LANSING, Mich. -- If a former two-term governor wanted to remind voters that he led the response to eight hurricanes, four tropical storms and an anthrax outbreak, where might he visit?
For Jeb Bush, it was a factory that makes an anthrax vaccine.
The former Florida governor kicked off a two-day visit to Michigan on Thursday by visiting Emergent Biosolutions, which produces an anthrax vaccine stockpiled by the U.S. government and administered to military personnel to protect against bioterrorism.
The venue lent itself well to a modified sales pitch Bush is delivering to voters: That he's a serious, tested leader in a rapidly expanding field of less experienced Republican presidential contenders.
It also came as anthrax was thrust back into the news: The Pentagon disclosed Wednesday that an Army laboratory in Utah inadvertently distributed live samples of anthrax to facilities in nine states.
Speaking to about 200 company employees here, Bush reminded the crowd that he dealt with the first anthrax attack after the Sept. 11, 2001 terrorist attacks. With the country still reeling, a new threat emerged in October 2001 when a photo editor at the Boca Raton, Fla., offices of the National Enquirer was exposed to anthrax and died soon after.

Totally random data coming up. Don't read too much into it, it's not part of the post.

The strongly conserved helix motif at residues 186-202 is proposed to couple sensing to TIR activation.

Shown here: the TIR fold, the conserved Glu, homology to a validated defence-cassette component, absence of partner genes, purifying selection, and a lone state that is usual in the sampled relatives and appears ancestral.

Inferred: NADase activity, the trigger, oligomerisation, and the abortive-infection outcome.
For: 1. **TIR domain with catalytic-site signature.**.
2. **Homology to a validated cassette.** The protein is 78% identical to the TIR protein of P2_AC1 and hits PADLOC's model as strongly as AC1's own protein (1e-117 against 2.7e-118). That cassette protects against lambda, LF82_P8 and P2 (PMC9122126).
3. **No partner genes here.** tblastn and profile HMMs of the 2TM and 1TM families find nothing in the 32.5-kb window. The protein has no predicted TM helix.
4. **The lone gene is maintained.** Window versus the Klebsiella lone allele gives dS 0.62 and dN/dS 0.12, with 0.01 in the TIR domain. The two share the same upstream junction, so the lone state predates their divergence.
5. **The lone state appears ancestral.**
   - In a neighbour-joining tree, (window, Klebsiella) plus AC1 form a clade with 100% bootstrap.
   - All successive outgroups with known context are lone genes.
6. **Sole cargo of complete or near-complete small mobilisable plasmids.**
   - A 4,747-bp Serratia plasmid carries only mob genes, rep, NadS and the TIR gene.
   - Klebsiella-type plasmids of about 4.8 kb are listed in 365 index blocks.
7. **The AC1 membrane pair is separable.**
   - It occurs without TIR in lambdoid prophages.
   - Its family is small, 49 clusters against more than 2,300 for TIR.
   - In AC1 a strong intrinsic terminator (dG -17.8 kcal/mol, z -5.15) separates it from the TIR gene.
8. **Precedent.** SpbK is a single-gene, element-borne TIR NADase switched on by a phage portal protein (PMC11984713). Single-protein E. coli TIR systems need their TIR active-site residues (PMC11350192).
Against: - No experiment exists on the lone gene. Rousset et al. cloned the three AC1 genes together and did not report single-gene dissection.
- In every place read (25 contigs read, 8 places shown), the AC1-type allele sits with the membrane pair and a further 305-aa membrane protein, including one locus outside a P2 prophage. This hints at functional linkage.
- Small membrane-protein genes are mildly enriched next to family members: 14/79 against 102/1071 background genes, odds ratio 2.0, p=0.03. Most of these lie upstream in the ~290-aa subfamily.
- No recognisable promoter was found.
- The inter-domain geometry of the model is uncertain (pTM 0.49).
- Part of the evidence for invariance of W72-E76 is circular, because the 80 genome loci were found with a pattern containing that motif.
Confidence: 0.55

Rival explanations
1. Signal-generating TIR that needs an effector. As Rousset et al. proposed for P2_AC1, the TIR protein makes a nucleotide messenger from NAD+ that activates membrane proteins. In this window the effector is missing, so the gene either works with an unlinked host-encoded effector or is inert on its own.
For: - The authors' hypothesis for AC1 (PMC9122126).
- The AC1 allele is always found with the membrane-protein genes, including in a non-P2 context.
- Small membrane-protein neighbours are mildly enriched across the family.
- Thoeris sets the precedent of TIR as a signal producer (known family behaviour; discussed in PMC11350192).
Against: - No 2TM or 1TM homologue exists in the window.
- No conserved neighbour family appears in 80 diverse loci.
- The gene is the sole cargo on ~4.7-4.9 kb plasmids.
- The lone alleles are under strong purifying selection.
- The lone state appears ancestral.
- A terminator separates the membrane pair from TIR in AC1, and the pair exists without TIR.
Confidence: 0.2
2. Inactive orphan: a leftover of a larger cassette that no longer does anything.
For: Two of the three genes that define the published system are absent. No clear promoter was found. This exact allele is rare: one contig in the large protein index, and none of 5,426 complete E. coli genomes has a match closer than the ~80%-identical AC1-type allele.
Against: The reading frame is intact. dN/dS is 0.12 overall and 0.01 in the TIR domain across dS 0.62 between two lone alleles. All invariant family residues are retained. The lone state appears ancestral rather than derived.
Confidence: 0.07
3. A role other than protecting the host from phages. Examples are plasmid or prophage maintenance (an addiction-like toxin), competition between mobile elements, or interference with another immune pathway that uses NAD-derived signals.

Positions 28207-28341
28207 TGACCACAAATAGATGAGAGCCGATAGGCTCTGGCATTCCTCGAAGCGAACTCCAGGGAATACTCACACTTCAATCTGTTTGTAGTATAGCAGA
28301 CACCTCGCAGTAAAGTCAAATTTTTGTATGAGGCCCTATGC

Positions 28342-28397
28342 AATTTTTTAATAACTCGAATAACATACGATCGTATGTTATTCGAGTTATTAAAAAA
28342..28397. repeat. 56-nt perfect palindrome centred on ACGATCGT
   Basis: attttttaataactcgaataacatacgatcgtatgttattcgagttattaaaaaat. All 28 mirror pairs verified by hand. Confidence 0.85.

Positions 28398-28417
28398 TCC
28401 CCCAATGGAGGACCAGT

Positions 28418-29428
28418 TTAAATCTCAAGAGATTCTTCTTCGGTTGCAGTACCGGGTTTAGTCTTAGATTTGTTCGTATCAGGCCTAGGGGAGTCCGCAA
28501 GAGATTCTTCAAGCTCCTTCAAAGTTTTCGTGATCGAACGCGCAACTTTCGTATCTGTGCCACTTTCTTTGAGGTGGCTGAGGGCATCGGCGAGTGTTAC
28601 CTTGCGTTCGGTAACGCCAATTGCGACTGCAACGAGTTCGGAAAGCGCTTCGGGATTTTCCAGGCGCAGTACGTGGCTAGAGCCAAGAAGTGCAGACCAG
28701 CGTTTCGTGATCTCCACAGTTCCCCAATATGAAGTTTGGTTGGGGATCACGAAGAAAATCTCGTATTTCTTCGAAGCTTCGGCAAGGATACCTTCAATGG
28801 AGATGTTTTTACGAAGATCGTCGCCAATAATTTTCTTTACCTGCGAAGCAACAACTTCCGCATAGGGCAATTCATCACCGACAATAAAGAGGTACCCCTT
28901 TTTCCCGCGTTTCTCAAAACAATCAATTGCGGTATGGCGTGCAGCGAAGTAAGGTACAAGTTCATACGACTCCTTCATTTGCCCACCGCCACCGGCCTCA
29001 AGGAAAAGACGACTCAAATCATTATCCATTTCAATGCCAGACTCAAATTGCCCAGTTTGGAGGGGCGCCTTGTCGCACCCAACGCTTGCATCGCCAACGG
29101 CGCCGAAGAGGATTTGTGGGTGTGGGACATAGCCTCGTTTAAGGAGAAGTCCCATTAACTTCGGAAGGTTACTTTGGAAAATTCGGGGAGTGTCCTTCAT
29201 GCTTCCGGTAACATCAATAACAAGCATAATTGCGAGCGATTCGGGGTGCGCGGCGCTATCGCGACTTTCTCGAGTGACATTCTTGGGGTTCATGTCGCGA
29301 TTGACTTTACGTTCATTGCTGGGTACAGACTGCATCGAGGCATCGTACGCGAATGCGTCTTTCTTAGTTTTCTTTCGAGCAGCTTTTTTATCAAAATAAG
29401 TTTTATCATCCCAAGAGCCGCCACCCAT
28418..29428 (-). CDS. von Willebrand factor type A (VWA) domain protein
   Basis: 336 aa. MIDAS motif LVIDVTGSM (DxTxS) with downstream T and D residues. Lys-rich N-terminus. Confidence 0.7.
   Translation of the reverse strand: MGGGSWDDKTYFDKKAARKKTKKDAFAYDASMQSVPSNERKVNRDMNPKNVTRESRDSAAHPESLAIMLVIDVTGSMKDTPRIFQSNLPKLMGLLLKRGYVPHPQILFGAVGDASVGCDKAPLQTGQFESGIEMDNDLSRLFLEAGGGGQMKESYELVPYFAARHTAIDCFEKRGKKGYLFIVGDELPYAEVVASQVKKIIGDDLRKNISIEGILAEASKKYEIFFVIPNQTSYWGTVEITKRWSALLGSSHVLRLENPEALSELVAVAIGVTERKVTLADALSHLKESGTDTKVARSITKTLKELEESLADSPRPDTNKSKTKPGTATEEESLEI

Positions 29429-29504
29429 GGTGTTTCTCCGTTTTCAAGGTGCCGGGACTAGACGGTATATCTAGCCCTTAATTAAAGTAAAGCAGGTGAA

"You all understand what anthrax is, but trust me, shortly after 9/11 I had no clue," Bush told the workers.
"I learned a lot about this, and in the post-9/11 environment, one of the responsibilities of governors that take their jobs seriously is to try to anticipate what the next attack might look like, or how do you respond to biological attack or any kind of attack," he added. "And so we did a lot of training in this regard and we developed a defense of the homeland across the spectrum because of what happened right after 9/11."
Bush said the lesson learned during the outbreak his administration prepare for eight hurricanes and four tropical storms that later hit over a 17-month time period.
"We're in the tenth anniversary of Katrina and Florida, I'm really proud of the public servants that served the state when people really needed it," he said.
Bush's former head of emergency management, W. Craig Fugate, now serves as head of the Federal Emergency Management Agency. When President Obama tapped Fugate for the post, he credited him and Bush for their stewardship of the state during those storms. In a 2010 Washington Post profile of Fugate, Bush said that "the administration is fortunate to have him on their team."
Bush first road-tested his new serious-and-experienced sales pitch during a conference call with Alabama Republicans on Wednesday night. He suggested that others already in the race were being needlessly combative and that the eventual GOP presidential nominee should be "hopeful and optimistic instead of grumpy and kind of reactionary."
"I think a lot of leaders in public life or aspiring leaders get overwhelmed by the here and now, they change their views because they’re trying to mirror the sentiments of the time. And they get lost," he said.
Bush arrived in Michigan Wednesday for two days of private meetings and public events. He's scheduled to address a Lincoln Day dinner Thursday night. He'll travel to Nashville to appear at a similar dinner on Saturday night and appear next Tuesday at an economic forum in Orlando, hosted by Florida Republican Gov. Rick Scott.